Earlier this month I was booked to deliver a (relatively new) keynote, titled: “Artificially Intelligent”. This is a bit of a tongue-in-cheek reference to the deluge of artificially intelligent influencers we now have promulgating the virtues of Artificial Intelligence (AI).
My intent with this keynote, as ever, is to inspire higher orders of thinking—beyond the obvious, immediate and default.
This is not to say that ‘AI is bad’ <— this is too simplistic. I enjoy having an AI as an apprentice research assistant that I don’t fully trust. But, in aggregate, the exponential development of artificial intelligence is a force-multiplier for catastrophic risk. This is not about the AI singularity triggering a ‘robot uprising’—rather: the exponential rise of AI is an accelerant to an already flawed and omnicidal system.
As a society we are ‘drawing down the bank account’ of fossil fuels and non-renewable inputs like cobalt, copper, water aquifers, topsoil—millions of times faster than they were sequestered. If everyone lived like Australians do, we’d need 4.5 planet’s worth of resources.
But will AI make us more efficient at using such limited resources? Undoubtedly. But will this mean we use fewer resources? Unlikely. This is Jevon’s Paradox: as the efficiency in which we use a resource increases, the demand for that resource increases. Thus AI will save us time and energy—resulting in us collectively having less time and energy. All whilst accelerating the growth of a system that is consuming the substrate we depend upon for life, and that is already exceeds planetary limits. Faster, and more efficiently.
Well—not necessarily so! But this may be our fate if we don’t keep our wits about us.
To have ‘wit’ is to have associative knowledge. But in the distraction economy it is increasingly difficult for wisdom and complexity to compete with that which is salient, simplistic, profitable and affirming. We are being corralled and hoodwinked.
“The war between good and evil is in reality an imposition of stupidity and simplicity over wisdom and complexity.”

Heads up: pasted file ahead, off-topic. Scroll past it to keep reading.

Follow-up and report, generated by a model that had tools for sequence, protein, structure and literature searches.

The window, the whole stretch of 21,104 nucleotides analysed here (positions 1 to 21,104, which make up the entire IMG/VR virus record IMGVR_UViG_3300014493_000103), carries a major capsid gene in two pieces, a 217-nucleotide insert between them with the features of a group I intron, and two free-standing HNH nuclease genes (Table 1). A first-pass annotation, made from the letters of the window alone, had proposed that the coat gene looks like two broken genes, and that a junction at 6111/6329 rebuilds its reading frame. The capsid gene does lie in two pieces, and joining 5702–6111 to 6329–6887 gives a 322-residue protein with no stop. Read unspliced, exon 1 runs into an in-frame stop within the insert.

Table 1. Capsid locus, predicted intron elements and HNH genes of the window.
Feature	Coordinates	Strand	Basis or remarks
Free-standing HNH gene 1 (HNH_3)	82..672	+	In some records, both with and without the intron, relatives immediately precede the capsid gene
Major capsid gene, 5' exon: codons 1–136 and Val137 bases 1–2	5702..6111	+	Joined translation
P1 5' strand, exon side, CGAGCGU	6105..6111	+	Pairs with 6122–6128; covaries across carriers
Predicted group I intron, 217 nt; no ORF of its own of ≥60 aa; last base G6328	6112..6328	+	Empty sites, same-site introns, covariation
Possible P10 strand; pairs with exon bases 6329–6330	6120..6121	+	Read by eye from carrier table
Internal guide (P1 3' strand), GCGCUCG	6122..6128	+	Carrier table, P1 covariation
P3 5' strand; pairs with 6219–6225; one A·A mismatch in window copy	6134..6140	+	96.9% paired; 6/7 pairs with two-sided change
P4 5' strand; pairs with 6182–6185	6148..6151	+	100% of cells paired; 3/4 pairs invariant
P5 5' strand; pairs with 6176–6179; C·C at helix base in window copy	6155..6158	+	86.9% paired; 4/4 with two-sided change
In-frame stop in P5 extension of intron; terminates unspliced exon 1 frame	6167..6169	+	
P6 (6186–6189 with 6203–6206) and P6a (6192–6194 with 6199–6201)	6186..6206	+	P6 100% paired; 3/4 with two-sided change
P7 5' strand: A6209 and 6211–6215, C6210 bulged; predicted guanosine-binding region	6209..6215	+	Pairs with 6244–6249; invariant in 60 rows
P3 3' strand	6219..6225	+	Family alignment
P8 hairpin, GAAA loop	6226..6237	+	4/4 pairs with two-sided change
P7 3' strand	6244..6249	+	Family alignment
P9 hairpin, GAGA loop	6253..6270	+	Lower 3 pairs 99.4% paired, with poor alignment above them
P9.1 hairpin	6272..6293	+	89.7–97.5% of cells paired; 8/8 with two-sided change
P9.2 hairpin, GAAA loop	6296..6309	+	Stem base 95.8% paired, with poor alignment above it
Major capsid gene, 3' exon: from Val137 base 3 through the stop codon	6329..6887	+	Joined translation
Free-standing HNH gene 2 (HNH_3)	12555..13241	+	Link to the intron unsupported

Yes, AI enables many great things. But we must keep our wits about us—and rise to meet the complexity of our times.
Anyway, back to the point of my story. I was worried that, as a closing keynote, the feeling-tone of the keynote might be a bit, uh, ‘grim’. Conference organisers usually look for speakers that instil a sense of jolly ‘can-do’ optimism and ‘hope’. You can do it; believe and you will achieve. Don’t let your dreams be dreams, etcetera. Indeed, I’ve played this role many a time.
But my client said ‘go for it’—and, well: it went tremendously well.
“It seems there are many people who now speak on Artificial Intelligence—but we wanted someone who could bring insight beyond the obvious. That’s why we hired Dr. Jason Fox.
Jason brought the lens of complexity science to the emerging field of AI, helping our audience to think deeper (and further) about the confluence of intersecting trends accelerated by this new technology. With much-needed scepticism, humour and warmth, Dr. Fox encouraged our audience to ‘keep their wits’ about them and ‘become connoisseurs of quality thinking’ as we attempt to find meaningful progress in this exponential age.
Many have said that this was the most impactful session from the whole event.”
—Jenny Katrivesis, Conference Director, Chilli IQ
Increasingly, I am finding that the jadedness I half-heartedly try to conceal is actually something that resonates with many experienced leaders in the field. Folk who tire of the default pantomime, yet need some trickster energy come to refresh our collective ways of seeing. And so, that’s what I do: serving to bring ideological optionality into the heart of Enterprise Land, driving a narrative wedge with subversive questions like: what is meaningful progress? And where might we be perpetuating a rich delusion of progress?